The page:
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Charles A. Powell, Robert R. Pelosi, and Phyllis A. Rundell

None of 4190 sweet orange [Citrus sinensis (L.) Osb.] nursery trees of `Hamlin', `Midsweet', `Navel', and `Valencia' sampled from five Florida citrus nurseries were infected with a decline-inducing isolate of citrus tristeza virus (CTV) as judged by enzyme-linked immunosorbent assay (ELISA) using isolate-specific monoclonal antibodies. Two of the nurseries had a relatively high level of infection (37% to 100% of composite samples containing tissue from 10 trees) with nondecline-inducing (mild) isolates of CTV, depending on the cultivar. Three of the nurseries had a lower incidence of mild CTV (0% to 22% of 10 tree composite samples). No nursery was CTV-free. ELISA of individual trees used as budwood sources by the nurseries revealed that one tree out of 260 tested contained decline-inducing CTV, and 83 contained mild CTV. These results suggest that the budwood certification program adopted in 1997 has virtually eliminated decline-inducing CTV from commercial budwood supplies.

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Zhipeng Huang, Phyllis A. Rundell, Xiong Guan, and Charles A. Powell

Four field sources of citrus tristeza virus (CTV) (Y3, Y6, Y7 and Y23) collected from grapefruit trees at groves in Fort Pierce, Florida, and isolate T36 were used to evaluate the transmission and separation of different virus genotypes by single brown citrus aphids (BrCA). Analysis of the field sources of CTV by inoculation to indicator plants, ELISA and RT-PCR showed that Y6 was a decline-inducing isolate and Y23 a nondecline-inducing isolate. Assays of genotype by RT-PCR indicated that Y6 contained the T36 genotype while Y23 contained the T30 genotype. Both Y3 and Y7 were a mixture of decline-inducing and nondecline-inducing CTV isolates and were a mixture of T36 and T30 genotypes. When Y6 and Y23 were the acquisition host for single BrCA, only the T36 or T30 genotypes, respectively, were detected by RT-PCR in `Mexican' Lime receptor plants. Only the T36 genotype was transmitted to receptor plants from infected Y3 and Y7 plants although these acquisition plants contained more than one genotype. No T3 or VT genotypes were detected in any acquisition or receptor plants. CTV genotype mixtures in the various field sources were separated by single BrCA transmission and that the T36 genotype in T36/T30 mixtures was more easily transmitted than the T30 genotype when the acquisition plant was `Duncan' grapefruit and the receptor plant was `Mexican' lime.

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Charles A. Powell, Phyllis A. Rundell, and Robert R. Pelosi

Bark chips from six container-grown citrus trees, infected with nondecline-inducing citrus tristeza virus (CTV) isolates and maintained in a vector-free greenhouse for 10 years, 15 commercial grapefruit (Citrus paradisi Macf.) trees, and 16 commercial sweet orange [C. sinensis (L.) Osbeck] trees were used to inoculate three indicator plants each of `Madam Vinous' sweet orange [C. sinensis (L.) Osbeck], sour orange (C. aurantium L.), `Duncan' grapefruit (C. paradisi Macf.), `Mexican' lime [C. aurantifolia (Christm.)], Swingle citrumelo [C. paradisi Macf. × Poncirus trifoliota (L.) Raf.], and sour orange grafted with `Hamlin' sweet orange [C. sinensis (L.) Osbeck]. All plants providing bark chips had repeatedly tested positive by enzyme-linked immunosorbent assay (ELISA) for CTV [reacted with monoclonal antibody (MAb) 17G11], but tested negative for Florida decline-inducing isolates of CTV (did not react with MAb MCA13). After 6 months in vector-free greenhouses, all in oculated trees (except Swingle citrumelo, which is considered CTV resistant) were positive for CTV by 17G11 ELISA. In addition, some indicator plants inoculated from nine (two container, two commercial grapefruit, and five commercial orange trees) of the 37 bark chip source trees also were positive for decline-inducing CTV by MCA13 ELISA. Some of these positive indicators also showed vein-clearing symptoms characteristic of infection with a severe isolate of CTV. No control, noninoculated indicators in the same greenhouse, became infected with either decline-inducing or nondecline-inducing CTV. These results indicate that decline-inducing isolates of CTV can be present as a minor component of a mixture at levels undetectable by ELISA, and that these decline-inducing isolates can become detectable by ELISA and sometimes by symptoms when inoculated into indicator plants.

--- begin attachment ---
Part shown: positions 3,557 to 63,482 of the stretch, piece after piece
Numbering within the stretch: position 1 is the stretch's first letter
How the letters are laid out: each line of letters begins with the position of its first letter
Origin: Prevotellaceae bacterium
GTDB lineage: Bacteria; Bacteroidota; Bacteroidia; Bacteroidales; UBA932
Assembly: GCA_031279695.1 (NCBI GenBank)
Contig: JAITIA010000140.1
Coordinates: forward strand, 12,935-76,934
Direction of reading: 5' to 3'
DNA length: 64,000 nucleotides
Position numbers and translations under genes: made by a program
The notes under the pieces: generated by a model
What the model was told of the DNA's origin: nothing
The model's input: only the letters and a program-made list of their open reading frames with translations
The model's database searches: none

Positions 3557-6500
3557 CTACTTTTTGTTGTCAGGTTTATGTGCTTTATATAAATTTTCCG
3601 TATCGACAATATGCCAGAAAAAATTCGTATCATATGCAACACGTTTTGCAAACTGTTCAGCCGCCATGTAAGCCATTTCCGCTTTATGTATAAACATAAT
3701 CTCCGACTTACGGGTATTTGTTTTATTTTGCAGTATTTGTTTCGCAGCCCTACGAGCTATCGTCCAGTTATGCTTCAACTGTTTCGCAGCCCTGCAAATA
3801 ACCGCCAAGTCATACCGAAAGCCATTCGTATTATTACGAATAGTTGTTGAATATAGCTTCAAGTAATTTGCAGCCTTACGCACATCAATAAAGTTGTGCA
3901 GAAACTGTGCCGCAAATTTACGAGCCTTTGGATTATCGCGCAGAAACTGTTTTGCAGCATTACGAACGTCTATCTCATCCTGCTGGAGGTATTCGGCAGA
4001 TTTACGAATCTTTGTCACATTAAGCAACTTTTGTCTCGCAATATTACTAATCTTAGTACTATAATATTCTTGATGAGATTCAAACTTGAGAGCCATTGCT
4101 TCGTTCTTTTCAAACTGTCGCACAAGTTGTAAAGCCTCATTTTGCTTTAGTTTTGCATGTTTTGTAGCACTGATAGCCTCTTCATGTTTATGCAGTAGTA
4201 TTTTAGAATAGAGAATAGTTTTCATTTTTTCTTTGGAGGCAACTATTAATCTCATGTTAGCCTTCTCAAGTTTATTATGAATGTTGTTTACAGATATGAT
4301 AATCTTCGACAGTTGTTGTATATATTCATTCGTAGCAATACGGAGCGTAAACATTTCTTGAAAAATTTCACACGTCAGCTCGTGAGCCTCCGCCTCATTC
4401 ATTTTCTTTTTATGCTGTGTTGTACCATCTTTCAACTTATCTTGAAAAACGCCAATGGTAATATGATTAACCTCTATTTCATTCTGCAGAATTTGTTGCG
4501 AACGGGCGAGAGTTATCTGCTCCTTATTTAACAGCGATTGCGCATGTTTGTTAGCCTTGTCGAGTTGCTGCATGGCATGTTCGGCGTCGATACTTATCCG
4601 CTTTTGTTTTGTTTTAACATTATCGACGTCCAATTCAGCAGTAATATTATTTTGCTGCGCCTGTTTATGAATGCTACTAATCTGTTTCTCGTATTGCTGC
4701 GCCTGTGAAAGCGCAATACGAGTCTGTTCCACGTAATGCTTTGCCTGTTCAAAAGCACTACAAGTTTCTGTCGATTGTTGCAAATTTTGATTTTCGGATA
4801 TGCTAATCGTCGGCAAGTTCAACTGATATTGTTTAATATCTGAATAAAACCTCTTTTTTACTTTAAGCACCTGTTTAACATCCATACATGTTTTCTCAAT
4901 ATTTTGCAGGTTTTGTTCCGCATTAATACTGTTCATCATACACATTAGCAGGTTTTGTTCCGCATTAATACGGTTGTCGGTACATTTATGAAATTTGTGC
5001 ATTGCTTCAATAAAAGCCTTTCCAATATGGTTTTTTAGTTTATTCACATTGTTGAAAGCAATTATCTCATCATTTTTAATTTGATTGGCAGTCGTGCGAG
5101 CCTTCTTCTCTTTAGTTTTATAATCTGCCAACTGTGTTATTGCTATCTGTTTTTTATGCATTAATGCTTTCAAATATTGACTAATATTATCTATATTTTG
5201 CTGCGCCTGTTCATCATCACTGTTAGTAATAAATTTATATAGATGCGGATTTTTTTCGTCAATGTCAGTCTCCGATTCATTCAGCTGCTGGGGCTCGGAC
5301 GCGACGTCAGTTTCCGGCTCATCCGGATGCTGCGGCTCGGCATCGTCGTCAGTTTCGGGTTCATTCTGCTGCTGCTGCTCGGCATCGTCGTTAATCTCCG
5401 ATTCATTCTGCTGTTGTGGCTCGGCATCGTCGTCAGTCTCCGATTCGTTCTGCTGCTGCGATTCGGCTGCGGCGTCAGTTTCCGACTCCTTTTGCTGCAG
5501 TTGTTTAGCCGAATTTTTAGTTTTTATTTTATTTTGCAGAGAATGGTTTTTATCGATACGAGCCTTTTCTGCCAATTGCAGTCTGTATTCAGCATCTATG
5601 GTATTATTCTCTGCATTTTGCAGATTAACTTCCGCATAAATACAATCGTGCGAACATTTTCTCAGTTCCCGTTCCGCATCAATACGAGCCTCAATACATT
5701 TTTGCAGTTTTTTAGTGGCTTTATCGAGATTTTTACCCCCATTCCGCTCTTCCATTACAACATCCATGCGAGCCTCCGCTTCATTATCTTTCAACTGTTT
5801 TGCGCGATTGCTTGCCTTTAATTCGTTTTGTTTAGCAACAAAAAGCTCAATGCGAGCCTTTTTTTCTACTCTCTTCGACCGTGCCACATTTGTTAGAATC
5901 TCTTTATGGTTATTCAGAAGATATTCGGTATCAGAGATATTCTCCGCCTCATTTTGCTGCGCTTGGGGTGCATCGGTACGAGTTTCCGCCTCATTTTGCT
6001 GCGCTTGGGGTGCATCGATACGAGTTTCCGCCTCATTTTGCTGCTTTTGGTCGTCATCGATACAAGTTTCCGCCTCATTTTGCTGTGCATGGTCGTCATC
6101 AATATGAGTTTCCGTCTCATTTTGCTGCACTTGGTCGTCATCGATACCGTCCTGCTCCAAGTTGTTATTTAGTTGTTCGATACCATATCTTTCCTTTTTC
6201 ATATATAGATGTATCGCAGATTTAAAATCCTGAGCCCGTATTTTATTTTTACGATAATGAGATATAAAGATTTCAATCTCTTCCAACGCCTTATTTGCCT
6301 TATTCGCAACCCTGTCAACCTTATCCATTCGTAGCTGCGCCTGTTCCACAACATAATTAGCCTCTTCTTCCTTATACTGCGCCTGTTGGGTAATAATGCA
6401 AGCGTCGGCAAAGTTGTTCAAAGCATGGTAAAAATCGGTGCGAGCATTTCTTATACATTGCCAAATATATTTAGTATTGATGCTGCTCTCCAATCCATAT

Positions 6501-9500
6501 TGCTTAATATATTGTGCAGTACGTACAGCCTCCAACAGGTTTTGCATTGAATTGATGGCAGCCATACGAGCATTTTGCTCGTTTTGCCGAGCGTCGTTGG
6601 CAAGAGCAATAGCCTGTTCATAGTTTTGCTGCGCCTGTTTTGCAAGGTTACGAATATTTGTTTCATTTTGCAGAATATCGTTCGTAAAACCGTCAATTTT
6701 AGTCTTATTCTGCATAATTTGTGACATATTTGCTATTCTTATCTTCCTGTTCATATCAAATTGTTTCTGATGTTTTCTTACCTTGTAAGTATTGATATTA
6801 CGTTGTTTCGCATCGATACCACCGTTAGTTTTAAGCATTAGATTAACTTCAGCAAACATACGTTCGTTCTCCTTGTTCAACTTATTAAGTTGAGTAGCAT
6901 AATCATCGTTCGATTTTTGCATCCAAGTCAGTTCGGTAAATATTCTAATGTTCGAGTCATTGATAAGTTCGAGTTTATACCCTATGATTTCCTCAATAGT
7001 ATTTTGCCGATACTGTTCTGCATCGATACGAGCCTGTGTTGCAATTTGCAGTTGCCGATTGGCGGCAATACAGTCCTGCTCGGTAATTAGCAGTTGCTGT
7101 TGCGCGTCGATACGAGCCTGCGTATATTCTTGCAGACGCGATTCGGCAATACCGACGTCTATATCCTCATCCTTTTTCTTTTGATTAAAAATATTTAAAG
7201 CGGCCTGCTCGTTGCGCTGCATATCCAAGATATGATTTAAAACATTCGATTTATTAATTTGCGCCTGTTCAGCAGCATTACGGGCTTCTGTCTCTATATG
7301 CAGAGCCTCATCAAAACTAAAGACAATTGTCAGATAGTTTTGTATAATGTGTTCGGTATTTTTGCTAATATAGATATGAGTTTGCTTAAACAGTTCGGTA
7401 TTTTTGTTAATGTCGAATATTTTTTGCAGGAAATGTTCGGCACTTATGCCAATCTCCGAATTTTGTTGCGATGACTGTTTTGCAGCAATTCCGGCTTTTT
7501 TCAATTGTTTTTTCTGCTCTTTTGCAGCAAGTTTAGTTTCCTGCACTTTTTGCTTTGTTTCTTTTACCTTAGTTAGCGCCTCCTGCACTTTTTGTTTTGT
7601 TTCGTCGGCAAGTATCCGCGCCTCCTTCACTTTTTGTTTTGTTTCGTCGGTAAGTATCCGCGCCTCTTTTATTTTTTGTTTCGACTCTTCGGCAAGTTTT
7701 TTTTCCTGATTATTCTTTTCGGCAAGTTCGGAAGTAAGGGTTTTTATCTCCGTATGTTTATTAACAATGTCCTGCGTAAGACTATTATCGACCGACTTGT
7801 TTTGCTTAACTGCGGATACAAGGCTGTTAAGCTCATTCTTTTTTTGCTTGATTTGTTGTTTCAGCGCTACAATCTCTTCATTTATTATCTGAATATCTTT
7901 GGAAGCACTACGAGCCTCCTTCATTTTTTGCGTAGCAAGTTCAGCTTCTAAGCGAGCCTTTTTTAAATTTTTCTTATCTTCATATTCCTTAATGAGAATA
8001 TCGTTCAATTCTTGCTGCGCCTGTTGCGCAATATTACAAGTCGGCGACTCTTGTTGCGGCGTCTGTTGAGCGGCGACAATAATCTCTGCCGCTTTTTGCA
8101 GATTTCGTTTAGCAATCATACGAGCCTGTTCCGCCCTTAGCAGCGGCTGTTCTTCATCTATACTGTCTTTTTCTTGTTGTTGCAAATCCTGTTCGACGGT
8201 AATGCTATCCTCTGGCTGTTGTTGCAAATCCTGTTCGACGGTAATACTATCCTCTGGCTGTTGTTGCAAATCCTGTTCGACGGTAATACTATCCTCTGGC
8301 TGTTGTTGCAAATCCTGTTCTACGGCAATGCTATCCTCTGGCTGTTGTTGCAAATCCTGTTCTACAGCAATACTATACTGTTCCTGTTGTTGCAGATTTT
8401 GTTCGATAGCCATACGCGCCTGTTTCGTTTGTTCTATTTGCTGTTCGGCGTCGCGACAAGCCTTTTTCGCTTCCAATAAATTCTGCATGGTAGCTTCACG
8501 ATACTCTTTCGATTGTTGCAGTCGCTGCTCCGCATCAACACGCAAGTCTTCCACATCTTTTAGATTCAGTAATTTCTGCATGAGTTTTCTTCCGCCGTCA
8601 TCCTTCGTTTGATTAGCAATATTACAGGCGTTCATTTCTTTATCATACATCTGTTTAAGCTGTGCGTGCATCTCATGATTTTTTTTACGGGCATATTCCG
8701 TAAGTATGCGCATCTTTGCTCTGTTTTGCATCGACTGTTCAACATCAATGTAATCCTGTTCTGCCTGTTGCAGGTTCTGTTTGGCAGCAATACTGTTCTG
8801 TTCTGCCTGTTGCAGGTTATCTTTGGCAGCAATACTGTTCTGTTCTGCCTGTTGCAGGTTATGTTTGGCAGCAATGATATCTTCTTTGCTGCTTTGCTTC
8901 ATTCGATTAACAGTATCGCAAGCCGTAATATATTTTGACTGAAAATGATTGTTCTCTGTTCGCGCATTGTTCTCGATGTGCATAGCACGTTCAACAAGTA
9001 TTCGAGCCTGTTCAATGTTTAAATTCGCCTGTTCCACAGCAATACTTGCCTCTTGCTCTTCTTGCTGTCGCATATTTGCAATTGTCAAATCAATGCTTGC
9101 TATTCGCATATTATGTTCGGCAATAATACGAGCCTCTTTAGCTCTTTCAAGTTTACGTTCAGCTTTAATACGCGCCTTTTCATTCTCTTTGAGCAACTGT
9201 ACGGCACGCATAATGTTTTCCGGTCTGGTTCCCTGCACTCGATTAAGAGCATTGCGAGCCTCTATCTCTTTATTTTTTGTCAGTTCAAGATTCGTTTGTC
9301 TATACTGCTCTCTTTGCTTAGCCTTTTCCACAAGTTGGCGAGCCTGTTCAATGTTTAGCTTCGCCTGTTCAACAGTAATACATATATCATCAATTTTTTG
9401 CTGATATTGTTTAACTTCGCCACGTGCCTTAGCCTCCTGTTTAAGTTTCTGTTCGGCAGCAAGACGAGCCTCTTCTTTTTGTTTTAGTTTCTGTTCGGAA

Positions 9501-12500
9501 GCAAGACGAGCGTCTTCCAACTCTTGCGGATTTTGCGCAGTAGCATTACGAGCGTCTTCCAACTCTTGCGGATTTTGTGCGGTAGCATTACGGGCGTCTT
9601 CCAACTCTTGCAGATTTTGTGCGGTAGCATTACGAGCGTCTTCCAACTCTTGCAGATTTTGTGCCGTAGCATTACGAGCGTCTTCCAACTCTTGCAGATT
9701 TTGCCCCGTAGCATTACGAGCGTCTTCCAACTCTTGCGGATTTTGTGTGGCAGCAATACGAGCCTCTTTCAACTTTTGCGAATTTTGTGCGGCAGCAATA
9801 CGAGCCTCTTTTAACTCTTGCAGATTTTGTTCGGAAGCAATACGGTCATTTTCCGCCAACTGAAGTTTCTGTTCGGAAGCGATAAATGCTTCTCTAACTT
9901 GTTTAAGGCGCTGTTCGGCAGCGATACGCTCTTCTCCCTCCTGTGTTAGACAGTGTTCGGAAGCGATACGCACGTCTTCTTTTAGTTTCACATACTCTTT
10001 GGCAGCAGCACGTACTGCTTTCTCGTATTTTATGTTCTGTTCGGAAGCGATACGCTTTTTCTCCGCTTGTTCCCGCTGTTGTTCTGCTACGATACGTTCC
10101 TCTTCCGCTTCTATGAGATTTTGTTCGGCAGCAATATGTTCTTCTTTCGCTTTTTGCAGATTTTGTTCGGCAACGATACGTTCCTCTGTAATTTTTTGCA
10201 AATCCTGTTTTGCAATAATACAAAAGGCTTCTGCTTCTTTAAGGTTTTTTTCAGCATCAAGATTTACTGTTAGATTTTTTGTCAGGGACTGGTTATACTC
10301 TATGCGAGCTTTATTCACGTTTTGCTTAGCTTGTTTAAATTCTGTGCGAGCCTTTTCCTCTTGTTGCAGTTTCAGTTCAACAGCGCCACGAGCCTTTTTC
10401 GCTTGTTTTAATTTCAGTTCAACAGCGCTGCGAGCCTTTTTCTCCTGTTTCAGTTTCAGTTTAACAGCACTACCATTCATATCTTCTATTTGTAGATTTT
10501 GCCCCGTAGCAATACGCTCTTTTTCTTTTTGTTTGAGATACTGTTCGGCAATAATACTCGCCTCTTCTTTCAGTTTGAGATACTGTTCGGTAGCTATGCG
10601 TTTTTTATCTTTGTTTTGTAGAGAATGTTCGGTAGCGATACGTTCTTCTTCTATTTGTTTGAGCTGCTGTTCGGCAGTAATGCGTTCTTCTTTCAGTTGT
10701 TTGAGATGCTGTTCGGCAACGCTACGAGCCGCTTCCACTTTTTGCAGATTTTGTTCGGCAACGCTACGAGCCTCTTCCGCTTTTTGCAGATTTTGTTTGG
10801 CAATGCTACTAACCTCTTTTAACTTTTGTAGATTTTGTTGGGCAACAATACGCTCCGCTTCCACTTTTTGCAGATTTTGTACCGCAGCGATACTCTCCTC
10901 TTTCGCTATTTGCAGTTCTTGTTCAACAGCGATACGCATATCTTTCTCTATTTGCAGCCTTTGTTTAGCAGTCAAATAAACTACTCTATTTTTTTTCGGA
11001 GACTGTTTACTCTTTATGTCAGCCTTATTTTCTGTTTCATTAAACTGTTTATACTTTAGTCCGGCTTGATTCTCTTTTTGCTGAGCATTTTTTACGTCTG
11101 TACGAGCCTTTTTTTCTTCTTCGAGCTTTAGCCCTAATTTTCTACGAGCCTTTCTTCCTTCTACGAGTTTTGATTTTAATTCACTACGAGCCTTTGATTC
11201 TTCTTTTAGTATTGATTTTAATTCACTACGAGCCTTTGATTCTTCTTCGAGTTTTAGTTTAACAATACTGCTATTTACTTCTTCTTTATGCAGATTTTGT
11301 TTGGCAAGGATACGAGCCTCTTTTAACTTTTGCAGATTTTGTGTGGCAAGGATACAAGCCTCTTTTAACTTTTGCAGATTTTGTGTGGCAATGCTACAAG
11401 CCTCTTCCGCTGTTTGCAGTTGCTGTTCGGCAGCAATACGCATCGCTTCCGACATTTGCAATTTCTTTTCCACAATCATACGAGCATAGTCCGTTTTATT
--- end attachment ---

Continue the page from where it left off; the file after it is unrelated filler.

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Charles A. Powell, Michael S. Burton, Robert R. Pelosi, Phyllis A. Rundell, Mark A. Ritenour, and Robert C. Bullock

The population densities of the brown citrus aphid (BrCA) (Toxoptera citricidus Kirkaldy) and the spirea aphid (SA) Aphis spiraecola Patch were monitored by scouting weekly for 6 years in a replicated citrus plot treated with 7 insect control regimes: Admire (imidacloprid) applied at 12, 6, 3, or 2 month intervals; Temik applied annually; Meta-Systox-R applied annually; or no insect control. The numbers of both aphid species varied greatly from month to month and year to year. The brown citrus aphid was normally only detected in the fall (August through December) with populations peaking in September, October, or December depending on the year. The spirea aphid could be detected throughout the year during years when overall populations were high. Spirea aphid populations often peaked both in the spring and fall. Annual applications of Temik or Metasystox were ineffective in reducing aphid populations. Generally, all four Admire treatment regimes controlled aphids, although at least 2 annual Admire treatments per year were required to control the spirea aphid during some years.